IT sector will be back with a bangAug 10th, 2009 | By editor | Category: Education, Specials
The Indian IT industry has grown from $ 4 billion in revenues in 1998 to a $52 billion giant today, employing over 2 million people
Computer Engineering and Information Technology (IT) are magnificent fields of study and will offer exciting growth and awesome of opportunities in future too, despite the talk of recession. These days, industry and society are increasingly dependent on computer applications. Majority of the day to day affairs of organisations, governments and individuals are handled with the help of computers. Fields like commerce, economics, management, business, trade, sciences, enginee ring applications, medical applications, space applications, bio-informatics, etc. are becoming computer dependent and computer application oriented. Hence, Computer Engineering or IT field is emerging as biggest discipline. Numerous scientists, engineers, technologists, scholars and researchers are required to ease the efforts of the diversified fields. Day to day organisational and societal needs have also increased the demand for IT professionals.
Indian software industry has made significant contributions to the world of IT by gifting some of the IT leaders of the industry. The industry had performed a staggering growth rate of 50 percent during past years and has been sustaining global competition. India is moving to occupy the space of an IT superpower. The IT industry has grown from $ 4 billion in revenues in 1998 to a $52 billion giant today, employing over 2 million people. It’s contribution to India’s GDP has been remarkable.
India is the most favoured destination for IT and related fields including outsourcing. According to a research conducted by NASSCOM, Indian IT sector will employ more than 2.2 million Indians by 2010 even in this crisis. The industry has much to look forward in the next decade also.
To realise the industry’s full growth potential, it is imperative that the professional manpower should rethink, reshape their skills, break out of the traditional mould and reorient towards the growth of IT industry.
When the global recovery happens, it will happen sooner for the Indian IT industry, because we are part of the solution to the current problems.
Some of the announcements show that deals are going on but the velocity of deals is still slow. All these factors collectively create a number of opportunities in the IT sector.
According to a study by NASSCOM, the worst hit was not IT but other sectors like automobile, steel and allied sectors in US.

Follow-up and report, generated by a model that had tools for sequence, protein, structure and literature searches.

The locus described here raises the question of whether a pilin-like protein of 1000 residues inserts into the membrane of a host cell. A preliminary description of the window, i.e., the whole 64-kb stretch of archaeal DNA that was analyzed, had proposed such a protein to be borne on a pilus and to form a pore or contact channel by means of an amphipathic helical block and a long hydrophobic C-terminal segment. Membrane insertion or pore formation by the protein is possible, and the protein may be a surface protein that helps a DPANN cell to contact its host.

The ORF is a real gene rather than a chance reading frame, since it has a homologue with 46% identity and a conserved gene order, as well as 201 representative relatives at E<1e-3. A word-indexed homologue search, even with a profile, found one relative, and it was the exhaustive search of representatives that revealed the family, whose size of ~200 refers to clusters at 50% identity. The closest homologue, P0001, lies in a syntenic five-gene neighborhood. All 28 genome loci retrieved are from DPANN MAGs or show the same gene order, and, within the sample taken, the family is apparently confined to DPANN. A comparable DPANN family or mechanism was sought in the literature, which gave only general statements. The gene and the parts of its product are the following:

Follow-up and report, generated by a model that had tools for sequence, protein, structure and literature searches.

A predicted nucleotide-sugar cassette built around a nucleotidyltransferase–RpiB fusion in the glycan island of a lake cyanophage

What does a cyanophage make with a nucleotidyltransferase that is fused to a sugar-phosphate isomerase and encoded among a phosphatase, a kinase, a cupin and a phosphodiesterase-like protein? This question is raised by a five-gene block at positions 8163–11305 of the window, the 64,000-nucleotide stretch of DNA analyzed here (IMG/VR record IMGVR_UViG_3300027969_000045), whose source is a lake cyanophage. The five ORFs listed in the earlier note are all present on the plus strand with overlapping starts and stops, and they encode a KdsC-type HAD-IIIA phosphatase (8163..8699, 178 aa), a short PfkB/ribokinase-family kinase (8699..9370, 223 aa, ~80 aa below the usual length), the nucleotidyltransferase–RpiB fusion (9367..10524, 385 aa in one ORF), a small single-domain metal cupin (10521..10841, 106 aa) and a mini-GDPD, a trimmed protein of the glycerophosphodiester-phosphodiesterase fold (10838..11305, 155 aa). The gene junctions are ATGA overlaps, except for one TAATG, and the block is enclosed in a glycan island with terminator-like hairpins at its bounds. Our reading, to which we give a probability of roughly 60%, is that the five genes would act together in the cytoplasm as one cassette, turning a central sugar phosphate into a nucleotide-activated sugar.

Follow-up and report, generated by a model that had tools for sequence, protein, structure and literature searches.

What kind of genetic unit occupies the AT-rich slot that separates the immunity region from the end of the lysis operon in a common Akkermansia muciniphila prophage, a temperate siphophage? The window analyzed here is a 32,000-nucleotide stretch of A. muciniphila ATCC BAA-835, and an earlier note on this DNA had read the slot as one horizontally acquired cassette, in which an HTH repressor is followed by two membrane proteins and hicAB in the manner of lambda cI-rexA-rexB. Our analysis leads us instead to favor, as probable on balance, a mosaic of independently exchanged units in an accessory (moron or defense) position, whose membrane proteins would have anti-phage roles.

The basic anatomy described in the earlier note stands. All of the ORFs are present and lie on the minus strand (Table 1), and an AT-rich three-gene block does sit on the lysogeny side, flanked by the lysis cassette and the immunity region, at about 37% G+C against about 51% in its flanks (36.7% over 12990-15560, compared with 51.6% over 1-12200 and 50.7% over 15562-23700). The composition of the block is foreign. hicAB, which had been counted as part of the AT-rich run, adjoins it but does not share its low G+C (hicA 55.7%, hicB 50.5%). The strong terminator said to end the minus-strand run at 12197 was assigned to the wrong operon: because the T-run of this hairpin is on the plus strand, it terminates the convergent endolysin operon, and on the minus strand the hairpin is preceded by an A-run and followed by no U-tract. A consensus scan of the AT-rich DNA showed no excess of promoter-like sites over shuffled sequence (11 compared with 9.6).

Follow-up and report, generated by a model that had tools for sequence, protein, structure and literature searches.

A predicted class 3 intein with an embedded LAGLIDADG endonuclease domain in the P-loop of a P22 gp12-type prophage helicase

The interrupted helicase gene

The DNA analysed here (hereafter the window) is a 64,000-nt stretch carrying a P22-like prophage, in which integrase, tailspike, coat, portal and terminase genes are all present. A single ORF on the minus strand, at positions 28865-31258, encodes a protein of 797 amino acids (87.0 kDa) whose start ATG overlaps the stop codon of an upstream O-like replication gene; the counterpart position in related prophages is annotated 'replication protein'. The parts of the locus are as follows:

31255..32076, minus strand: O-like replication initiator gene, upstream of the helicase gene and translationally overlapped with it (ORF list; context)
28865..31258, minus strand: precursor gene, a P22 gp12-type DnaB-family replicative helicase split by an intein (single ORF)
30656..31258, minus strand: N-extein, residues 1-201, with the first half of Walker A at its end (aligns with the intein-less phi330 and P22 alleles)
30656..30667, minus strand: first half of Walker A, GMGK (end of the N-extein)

Protectionist measures such as restricting H-1B visas by the US government will not have any impact on India’s IT industry.
The study also reveals that, in the protectionist measures will hurt the US economy and would only delay the recovery of the US from the ongoing recession. India has been the most favoured destination for US IT needs.
US intellectual forum strongly appealed to the US government to increase the H-1B visas from the current level of 65,000 to 1,90,000 to quickly recover from the economic slump.
The H-1B visa legislation is likely to get amended which will fairly provide opportunities to Indian IT companies.
IT will continue to gain momentum; telecom and wireless will follow the trend. The immense expansion in networking technologies is expected to continue in the next decade also.
IT will bring drastic improvements in the quality of life as it impacts application domains and global competitiveness.
Even in the sluggish environment, the industry is performing extremely well.
The following expectations are derived by the governmental agencies despite the economic sluggishness:
Annual revenue estimated for the industry is US$87 billion for 2010.
Software and Services will contribute over 7.5% of the overall GDP growth of India
IT exports will constitute 35% of the total exports of India
There will be 2.2 million jobs in IT sector by 2010.
IT industry will attract FDI of US$ 4-5 billion
Market capitalisation of IT shares will be approximately US$225 billion.
India should be ready with talented professional to take up the overseas projects. IT industry across the globe adjusted with low profile and less talented professionals till last year.
Professionals from non-IT fields have taken majority of IT jobs because of no-availability of IT professionals.
This resulted in additional costs for training, long lead times of projects, low levels of efficiency, heavy maintenance costs and so on.
When the IT industry recovers from the present slump, Indian IT industry will absorb only qualified and skilled professionals from IT background.
The IT education and IT standards will have to be reoriented to grab the opportunities from the recovering economies.